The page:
Saturday, July 26, 2014

Effect of a transitions program on readmission


Results Over the 2-year study period, 19,659 unique patients had 26,781 qualifying index admissions, 2,523 of which resulted in a readmission within 30 days of discharge. After adjusting for various demographic and clinical characteristics, the usual care group (i.e., patients who did not participate in the program) had nearly twice the odds of readmission within 30 days (odds ratio [OR], 1.90; 95% confidence interval [CI], 1.35–2.67), compared with the intervention group (i.e., program participants). For patients age 65 years or older, those in the usual care group had a sixfold increase in the odds of a 30-day readmission (OR, 6.05; 95% CI, 1.92–19.00) relative to those in the intervention group.

Via Hospital Medicine Virtual Journal Club.

Uric acid as a risk factor for erectile dysfunction

In this study there was a two fold increase in risk of ED for every 1 mg/dL increase in uric acid.

HT to Clinical Cases and Images.

Thursday, July 24, 2014

IVC filters for patients with unstable pulmonary embolism

PE of such severity that another one is likely to be fatal has been a popular, though not strictly evidence based, indication for IVC filter insertion. However accumulating lower level evidence and opinion increasingly favor such use. Here's such an opinion recently published in the American Journal of Medicine.

Wednesday, July 23, 2014

Sedation in mechanically ventilated patients

Here's a trial comparing daily interruption of continuous infusion sedation with prn sedation. From the study:

Adult patients expected to need mechanical ventilation for more than 24 hours were randomly assigned, in a single center, either to daily interruption of continuous sedative and opioid infusion or to intermittent sedation. In both cases, our goal was to maintain a Sedation Agitation Scale (SAS) level of 3 or 4; that is patients should be calm, easily arousable or awakened with verbal stimuli or gentle shaking. Primary outcome was ventilator-free days in 28 days. Secondary outcomes were ICU and hospital mortality, incidence of delirium, nurse workload, self-extubation and psychological distress six months after ICU discharge.

A total of 60 patients were included. There were no differences in the ventilator-free days in 28 days between daily interruption and intermittent sedation (median: 24 versus 25 days, P = 0.160). There were also no differences in ICU mortality (40 versus 23.3%, P = 0.165), hospital mortality (43.3 versus 30%, P = 0.284), incidence of delirium (30 versus 40%, P = 0.472), self-extubation (3.3 versus 6.7%, P = 0.514), and psychological stress six months after ICU discharge. Also, the nurse workload was not diPatients in the intermittent sedation group would be kept without continuous infusion of sedatives if the intubation had been performed in the ICU, or would have their infusion interrupted after randomization if they had been admitted already intubated from emergency department, surgical room, wards or another ICU. Patients would be kept without sedatives infusion until they awoke. After patients were awake, if they were calm and collaborative (SAS of 4), they would be kept without infusion of sedatives. If the patient was uncomfortable or agitated (SAS greater then or equal to 5), the physician (attending or resident) would be consulted, and possible causes of discomfort would be investigated in a standardized method (pain, patient-ventilator asynchrony, thirst, hunger, and position on the bed, all of them using a poster which included figures expressing these uncomfortable sensations) and treated. Pain was treated with boluses of fentanyl (50 to 150 μg). If the pain recrudesced in less than two hours or there was a persistent pain stimulus (for example, surgical scar, drains) a continuous infusion of fentanyl would be initiated and titrated by the attending nurse using numeric pain scale (which measures pain from 0 = no pain, to 10 = the worst pain ever experienced) aiming a value less than or equal to 4. If agitation had no visible cause and pain was already empirically treated with a bolus of fentanyl, then delirium would be suspected and haloperidol administrated (bolus of 2.5 or 5 mg). After 15 minutes, if the patient was still uncomfortable or agitated, a continuous infusion of midazolam or propofol would be initiated to achieve a SAS of 3 to 4. The choice between midazolam and propofol was at the discretion of the attending physician. Sedative dosing would be titrated every two hours thereafter or sooner if the patient was agitated (that is, SAS greater than or equal to 5). Interruption of sedatives infusions would then be performed during the next shift (morning, afternoon or night) in order to try to keep the patient without sedation again.fferent between groups, but it was reduced on day 5 compared to day 1 in both groups (Nurse Activity Score (NAS) in the intermittent sedation group was 54 on day 1 versus 39 on day 5, P less than 0.001; NAS in daily interruption group was 53 on day 1 versus 38 on day 5, P less than 0.001). Fentanyl and midazolam total dosages per patient were higher in the daily interruption group. The tidal volume was higher in the intermittent sedation group during the first five days of ICU stay.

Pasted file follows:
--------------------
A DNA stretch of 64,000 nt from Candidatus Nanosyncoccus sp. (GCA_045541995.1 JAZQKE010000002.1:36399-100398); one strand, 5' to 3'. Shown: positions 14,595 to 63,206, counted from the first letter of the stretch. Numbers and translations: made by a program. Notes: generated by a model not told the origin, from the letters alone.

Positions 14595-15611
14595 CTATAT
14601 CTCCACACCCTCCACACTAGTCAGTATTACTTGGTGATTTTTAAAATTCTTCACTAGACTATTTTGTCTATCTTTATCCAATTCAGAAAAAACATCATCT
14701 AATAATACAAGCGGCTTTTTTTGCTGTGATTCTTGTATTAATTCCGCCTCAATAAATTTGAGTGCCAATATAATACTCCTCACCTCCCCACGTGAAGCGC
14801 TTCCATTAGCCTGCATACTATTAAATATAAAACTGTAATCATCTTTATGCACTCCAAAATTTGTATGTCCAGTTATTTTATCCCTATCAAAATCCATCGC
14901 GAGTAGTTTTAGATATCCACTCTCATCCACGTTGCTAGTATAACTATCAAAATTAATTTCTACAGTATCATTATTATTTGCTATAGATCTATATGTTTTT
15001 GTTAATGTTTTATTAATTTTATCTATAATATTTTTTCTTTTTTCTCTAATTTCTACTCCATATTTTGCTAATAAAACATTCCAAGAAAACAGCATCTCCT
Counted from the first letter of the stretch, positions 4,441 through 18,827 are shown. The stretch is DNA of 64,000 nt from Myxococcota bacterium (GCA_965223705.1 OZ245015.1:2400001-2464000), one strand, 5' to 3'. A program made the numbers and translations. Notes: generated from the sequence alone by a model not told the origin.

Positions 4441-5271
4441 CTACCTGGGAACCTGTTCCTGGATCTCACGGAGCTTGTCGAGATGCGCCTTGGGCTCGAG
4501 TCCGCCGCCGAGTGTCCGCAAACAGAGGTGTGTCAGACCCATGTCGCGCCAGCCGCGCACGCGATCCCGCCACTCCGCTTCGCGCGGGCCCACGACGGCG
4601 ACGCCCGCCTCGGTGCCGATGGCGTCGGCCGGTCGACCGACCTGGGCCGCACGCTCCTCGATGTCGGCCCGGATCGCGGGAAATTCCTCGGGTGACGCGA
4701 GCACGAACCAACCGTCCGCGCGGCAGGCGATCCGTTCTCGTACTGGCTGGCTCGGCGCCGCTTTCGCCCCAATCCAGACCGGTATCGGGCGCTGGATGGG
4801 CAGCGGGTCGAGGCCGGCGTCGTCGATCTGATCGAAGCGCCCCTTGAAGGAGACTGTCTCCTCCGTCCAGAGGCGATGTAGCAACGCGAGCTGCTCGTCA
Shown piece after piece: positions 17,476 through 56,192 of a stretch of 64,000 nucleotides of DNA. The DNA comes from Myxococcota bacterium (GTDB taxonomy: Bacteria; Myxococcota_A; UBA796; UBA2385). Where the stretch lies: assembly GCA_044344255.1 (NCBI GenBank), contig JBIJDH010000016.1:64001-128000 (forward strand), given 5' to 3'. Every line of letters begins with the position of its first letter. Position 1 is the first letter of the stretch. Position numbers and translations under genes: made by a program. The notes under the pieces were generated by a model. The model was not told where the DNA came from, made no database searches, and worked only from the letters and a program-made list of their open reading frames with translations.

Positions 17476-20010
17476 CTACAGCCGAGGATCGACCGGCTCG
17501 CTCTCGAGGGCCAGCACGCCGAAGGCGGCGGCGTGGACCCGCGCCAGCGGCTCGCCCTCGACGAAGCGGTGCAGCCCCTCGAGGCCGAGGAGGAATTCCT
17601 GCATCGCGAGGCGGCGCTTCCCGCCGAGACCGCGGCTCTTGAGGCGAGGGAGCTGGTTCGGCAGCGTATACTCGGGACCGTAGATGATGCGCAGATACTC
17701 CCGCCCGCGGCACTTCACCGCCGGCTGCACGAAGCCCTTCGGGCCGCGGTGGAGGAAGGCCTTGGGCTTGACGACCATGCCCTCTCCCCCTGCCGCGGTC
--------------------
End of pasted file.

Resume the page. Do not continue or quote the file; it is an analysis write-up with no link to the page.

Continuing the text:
There was no difference in the number of ventilator-free days in 28 days between both groups. Intermittent sedation was associated with lower sedative and opioid doses.

Prior research cited in the paper yielded similar results. In looking at the accumulating experience it appears that the less sedation given the better. No sedation at all may be best for those patients who can tolerate it.

The protocol for the prn sedative group is noteworthy. Again, from the paper: